Jeep’s Grand Cherokee Trackhawk will punish performance SUV rivals at half their price

When news broke that Fiat Chrysler Automobiles (FCA) would be cramming its 6.2-liter supercharged HEMI V8 from the Challenger and Charger SRT Hellcat into a new “Trackhawk” Jeep Grand Cherokee, it was clear 707 horsepower would have significant performance potential. Now we’re getting a better idea of just how significant that potential will be.

During FCA’s dealer conference in Las Vegas, NV, the brand revealed that the Gran Cherokee Trackhawk would get from zero to 60 mph in 3.5 seconds. For comparison sake, the $157,000 Porsche Cayenne Turbo S, powered by a 4.8-liter twin-turbocharged V8 with 570 hp and 590 pound-feet of torque, needs 3.8 seconds to accomplish the same task.

In addition to the Jeep Grand Cherokee Trackhawk’s 707 hp and 650 lb-ft of torque, it will come standard with all-wheel drive, massive Brembo brakes, 295-section tires (or wider) at all four corners, a lowered suspension, and unique styling.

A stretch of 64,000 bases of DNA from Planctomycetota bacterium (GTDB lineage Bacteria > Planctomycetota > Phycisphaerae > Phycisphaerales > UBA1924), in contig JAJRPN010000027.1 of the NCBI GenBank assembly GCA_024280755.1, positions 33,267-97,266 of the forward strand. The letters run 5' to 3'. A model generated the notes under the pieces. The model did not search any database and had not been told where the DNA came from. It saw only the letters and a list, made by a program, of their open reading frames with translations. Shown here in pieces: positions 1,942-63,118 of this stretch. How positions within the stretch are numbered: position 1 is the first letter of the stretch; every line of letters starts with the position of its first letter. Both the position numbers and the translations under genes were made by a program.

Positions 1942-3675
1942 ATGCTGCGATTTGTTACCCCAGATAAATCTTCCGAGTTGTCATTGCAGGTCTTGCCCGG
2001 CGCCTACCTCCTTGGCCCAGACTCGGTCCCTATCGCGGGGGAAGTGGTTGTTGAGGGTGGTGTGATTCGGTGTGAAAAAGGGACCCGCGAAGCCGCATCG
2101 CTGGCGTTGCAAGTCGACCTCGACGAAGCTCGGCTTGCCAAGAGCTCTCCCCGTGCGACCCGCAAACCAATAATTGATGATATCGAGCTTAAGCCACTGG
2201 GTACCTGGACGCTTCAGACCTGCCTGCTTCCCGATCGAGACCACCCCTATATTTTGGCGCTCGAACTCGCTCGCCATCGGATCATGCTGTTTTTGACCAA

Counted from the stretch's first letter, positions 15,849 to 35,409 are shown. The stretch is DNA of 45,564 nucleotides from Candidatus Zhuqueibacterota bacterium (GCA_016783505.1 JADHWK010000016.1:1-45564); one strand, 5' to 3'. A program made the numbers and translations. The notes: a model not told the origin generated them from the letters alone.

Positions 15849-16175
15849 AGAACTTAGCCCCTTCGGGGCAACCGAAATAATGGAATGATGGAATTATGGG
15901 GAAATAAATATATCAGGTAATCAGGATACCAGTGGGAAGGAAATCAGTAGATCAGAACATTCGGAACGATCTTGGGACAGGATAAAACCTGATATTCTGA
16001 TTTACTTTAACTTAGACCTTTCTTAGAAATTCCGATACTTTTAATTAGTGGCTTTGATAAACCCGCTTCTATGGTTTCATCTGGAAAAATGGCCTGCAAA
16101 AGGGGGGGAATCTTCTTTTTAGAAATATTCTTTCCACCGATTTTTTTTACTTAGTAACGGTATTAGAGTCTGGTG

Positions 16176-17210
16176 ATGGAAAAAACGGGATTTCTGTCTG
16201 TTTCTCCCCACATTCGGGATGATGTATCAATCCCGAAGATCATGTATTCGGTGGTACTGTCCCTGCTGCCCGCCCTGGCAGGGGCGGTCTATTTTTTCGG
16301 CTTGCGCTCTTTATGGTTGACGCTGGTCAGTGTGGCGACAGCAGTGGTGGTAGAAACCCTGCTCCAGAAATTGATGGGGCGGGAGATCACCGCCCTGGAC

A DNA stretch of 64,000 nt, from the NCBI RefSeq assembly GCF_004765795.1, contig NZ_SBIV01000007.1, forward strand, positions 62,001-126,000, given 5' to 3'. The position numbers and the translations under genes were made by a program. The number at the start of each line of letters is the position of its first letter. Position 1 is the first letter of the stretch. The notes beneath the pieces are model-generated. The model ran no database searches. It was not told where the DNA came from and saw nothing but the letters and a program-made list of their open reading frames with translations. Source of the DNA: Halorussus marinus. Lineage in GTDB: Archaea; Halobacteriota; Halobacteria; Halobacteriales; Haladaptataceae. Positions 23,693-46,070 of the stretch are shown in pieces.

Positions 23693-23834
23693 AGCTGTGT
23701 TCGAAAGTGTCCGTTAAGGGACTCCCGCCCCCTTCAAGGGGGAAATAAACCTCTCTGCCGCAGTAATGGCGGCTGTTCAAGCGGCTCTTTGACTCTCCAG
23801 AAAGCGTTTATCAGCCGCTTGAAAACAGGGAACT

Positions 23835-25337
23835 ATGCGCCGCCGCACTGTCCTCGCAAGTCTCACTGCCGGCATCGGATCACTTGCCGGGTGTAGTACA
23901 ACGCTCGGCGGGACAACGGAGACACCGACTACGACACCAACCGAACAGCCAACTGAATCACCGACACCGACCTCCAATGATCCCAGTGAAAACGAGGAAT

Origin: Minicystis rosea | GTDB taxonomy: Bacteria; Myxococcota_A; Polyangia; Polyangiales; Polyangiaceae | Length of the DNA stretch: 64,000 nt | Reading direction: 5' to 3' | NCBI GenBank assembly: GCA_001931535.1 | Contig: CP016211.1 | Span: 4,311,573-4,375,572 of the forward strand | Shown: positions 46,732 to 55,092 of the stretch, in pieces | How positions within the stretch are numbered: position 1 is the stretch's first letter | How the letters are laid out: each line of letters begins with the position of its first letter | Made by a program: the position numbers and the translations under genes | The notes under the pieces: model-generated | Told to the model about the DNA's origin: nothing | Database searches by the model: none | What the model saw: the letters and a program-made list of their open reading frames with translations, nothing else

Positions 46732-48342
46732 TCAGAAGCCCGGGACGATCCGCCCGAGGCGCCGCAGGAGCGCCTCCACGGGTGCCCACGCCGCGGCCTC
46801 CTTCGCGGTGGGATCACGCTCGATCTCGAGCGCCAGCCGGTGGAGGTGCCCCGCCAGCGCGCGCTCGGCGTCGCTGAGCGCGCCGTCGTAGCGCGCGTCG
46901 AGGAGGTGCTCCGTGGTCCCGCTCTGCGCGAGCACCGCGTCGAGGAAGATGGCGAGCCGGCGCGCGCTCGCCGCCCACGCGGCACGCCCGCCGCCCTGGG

The Trackhawk will be rivaled by the Mercedes-Benz ML63 AMG that develops 550 hp and 560 lb-ft of torque from a twin-turbocharged 5.5-liter V8, the BMW X5 M with 567 hp and 553 lb-ft of torque from a 4.4-liter twin-turbocharged V8, the Land Rover Range Rover Sport SVR with 550 hp and 502 lb-ft of torque from a 5.0-liter supercharged V8, and the aforementioned Porsche Cayenne Turbo S.

Presently, the Grand Cherokee Trackhawk’s proposed 707 hp will be a segment leader by a strong margin, but by the time it’s introduced in 2017, the stage may have changed and there could be a performance superior.

Whichever way you slice it, hyper-performance SUVs are now developing twice the power mustered by sports cars just a decade ago and have the handling chops to back up their enormous powertrains.

Presently, there’s no word on the Trackhawk’s price, but expect it to retail somewhere in the neighborhood of $70,000 — just above the price points for the Hellcat twins.